Monster Movie Monday: The Giant Spider Invasion (1975)
Matthew Turner | On 07, Sep 2020
Director: Bill Rebane
Cast: Steve Brodie, Robert Easton, Barbara Hale, Alan Hale Jr., Leslie Parrish, Bill Williams, Christiane Schmidtmer, Diane Lee Hart
Watch The Giant Spider Invasion online in the UK: Amazon Prime
In the mood for a creature feature? Amazon Prime has a veritable menagerie of monster movies, so we’re working our way through them, one killer beastie at a time. Welcome to Monster Movie Mondays.
Reputedly made for just $300,000, The Giant Spider Invasion was directed by B-movie specialist Bill Rebane in 1975, the same year Jaws was released. It became a surprise hit, receiving an extended run in cinemas and ending up as one of the 50 top-grossing films of that year, albeit at the opposite end of the list from Jaws.
The film begins when what looks like a meteorite crashes down in small town Merrill, Wisconsin, spawning spiders of various sizes. For some reason, Merrill already has a bit of a spider problem, so the townsfolk are initially unfazed, but that all changes when one shows up that’s the size of a house.
While the space spiders are busy whittling down the cast, NASA’s Doctor Vance (Steve Brodie) teams up with local scientist Doctor Jenny Langer (Barbara Hale) to try and solve Merrill’s arachnid problem. They figure out that the meteor strike area is actually an interdimensional black hole and that the spiders are arriving from another planet. But can they stop the eight-legged mayhem?
Considering the low budget, the creature effects on the giant spiders (or rather, giant spider, as you never see more than one at a time) are surprisingly good. They were achieved by covering a Volkswagen Beetle in artificial black fur, with the fake legs operated puppet-style from the inside by seven members of the crew. The car’s back lights were also used for a glowing red eye effect in the nighttime scenes, though in the daylight the eyes are a slightly less scary pair of large white plastic balls.
Admittedly, the giant spiders don’t pose much of a threat to arachnophobes. However, the film also uses a job-lot of full-grown tarantulas for scenes where the spiders appear to hatch from eggs and crawl around people’s houses. To that end, the spider-wrangling is actually pretty impressive.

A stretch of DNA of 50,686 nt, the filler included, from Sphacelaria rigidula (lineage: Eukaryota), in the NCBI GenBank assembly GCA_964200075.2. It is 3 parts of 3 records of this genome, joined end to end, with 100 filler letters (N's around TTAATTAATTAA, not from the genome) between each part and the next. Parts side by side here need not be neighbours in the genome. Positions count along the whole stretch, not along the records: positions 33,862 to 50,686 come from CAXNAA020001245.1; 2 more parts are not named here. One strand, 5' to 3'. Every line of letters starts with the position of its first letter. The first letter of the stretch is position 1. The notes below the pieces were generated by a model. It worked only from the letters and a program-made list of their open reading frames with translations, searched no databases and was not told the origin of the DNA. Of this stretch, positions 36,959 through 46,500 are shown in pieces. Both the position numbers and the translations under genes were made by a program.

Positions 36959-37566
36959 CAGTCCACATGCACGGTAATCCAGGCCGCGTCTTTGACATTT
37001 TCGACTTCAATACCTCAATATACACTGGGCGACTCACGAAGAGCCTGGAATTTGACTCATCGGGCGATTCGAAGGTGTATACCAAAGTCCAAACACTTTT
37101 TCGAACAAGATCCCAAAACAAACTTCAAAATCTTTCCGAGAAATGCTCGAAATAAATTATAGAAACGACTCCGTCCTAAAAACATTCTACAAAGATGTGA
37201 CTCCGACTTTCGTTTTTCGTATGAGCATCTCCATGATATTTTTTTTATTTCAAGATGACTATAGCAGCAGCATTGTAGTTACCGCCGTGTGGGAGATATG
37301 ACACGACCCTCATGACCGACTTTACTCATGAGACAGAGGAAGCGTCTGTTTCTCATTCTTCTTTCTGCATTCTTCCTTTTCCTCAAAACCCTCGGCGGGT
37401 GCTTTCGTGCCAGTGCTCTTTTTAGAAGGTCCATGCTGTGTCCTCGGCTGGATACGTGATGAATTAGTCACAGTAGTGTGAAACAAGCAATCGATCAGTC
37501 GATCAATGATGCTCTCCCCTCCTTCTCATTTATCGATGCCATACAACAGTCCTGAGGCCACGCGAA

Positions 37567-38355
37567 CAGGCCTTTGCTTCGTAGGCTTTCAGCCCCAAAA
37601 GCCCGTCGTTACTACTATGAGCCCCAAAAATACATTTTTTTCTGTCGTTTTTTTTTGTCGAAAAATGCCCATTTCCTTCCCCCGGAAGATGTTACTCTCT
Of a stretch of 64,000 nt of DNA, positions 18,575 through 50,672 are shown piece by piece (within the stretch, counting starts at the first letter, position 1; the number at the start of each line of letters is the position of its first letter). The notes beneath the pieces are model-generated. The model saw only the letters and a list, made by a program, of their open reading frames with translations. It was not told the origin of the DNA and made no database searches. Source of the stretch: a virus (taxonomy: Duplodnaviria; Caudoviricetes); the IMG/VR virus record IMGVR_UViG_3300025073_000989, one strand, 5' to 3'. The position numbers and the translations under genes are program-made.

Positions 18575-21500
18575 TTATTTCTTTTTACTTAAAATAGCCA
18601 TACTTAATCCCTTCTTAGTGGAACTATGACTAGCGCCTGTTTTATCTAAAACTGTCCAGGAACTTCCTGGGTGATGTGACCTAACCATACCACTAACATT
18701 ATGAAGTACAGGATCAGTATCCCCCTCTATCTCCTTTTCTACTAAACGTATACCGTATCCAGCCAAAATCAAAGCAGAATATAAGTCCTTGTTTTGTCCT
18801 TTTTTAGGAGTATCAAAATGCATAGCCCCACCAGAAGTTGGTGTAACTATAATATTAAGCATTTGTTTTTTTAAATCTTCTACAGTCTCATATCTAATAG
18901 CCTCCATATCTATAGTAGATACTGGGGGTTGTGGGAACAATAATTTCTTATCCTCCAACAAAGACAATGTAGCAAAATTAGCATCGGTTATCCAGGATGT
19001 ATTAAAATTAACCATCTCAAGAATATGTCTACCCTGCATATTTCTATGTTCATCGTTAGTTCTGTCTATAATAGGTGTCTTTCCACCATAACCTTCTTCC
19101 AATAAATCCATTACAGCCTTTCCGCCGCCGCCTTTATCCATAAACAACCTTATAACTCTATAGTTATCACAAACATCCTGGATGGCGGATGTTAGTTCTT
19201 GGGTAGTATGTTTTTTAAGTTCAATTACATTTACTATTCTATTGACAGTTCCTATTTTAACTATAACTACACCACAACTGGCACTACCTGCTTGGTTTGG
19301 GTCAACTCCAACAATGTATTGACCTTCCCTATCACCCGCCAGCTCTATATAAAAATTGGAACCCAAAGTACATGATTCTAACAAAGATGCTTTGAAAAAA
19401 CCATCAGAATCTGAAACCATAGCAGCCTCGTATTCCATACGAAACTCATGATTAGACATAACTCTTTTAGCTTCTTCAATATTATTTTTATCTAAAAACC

The gore effects are great too: Rebane clearly did a deal with a local butcher for some of the stripped-to-the-bone carcass shots, while the climax involves an impressive amount of what can only be called spider goo.
The film is packed with fun attack scenes of all shapes and sizes, including a high-school baseball game. while Rebane proves a master of shock moments. One bedroom-set sequence in particular is a veritable masterclass in suspense and pay-off, because you’re so focused on the whereabouts of one tiny spider that you’re completely unprepared for the sudden appearance of a massive one.
As for the script, it’s a frankly remarkable combination of straight-faced 1950s sci-fi – along the lines of Them! (1954) and Tarantula (1955) – and 1970s sleaze, similar to American International’s exploitation films. This was apparently the result of writers Richard L Huff and Robert Easton both approaching the film from different angles (serious vs comical) at Rehane’s request. At any rate, it works well, giving the film an unusual tone that keeps you off-guard.
The sleazy elements are so over the top that they’re genuinely hilarious. Aside from the scientists and the good-natured Sheriff (Alan Hale Jr), pretty much everyone else in Merrill is a sex-crazed lunatic. No wonder there’s also a fire-and-brimstone preacher (Tain Bodkin) in the town, whose sermons are frequently heard in the film.
At the same time, it’s genuinely refreshing to have two 50-something leads (Brodie and Hale were considered has-beens when they were cast) and their mutually respectful romance is surprisingly charming. Or at least, it is once you get past the excruciatingly sexist gag where they first meet and Vance doesn’t realise she’s the local doctor he’s there to see.
In short, this is a surprising amount of fun, thanks to an offbeat script, enjoyable performances and some oh-so-very-special effects sequences. It’s also the sort of film that has a number of very amusing on-set tales attached to it, if you like that sort of thing – we’ve run out of space here, but check out the IMDb trivia page.
The Giant Spider Invasion is available to watch online on Amazon Prime Video as part of a Prime membership or a £5.99 monthly subscription.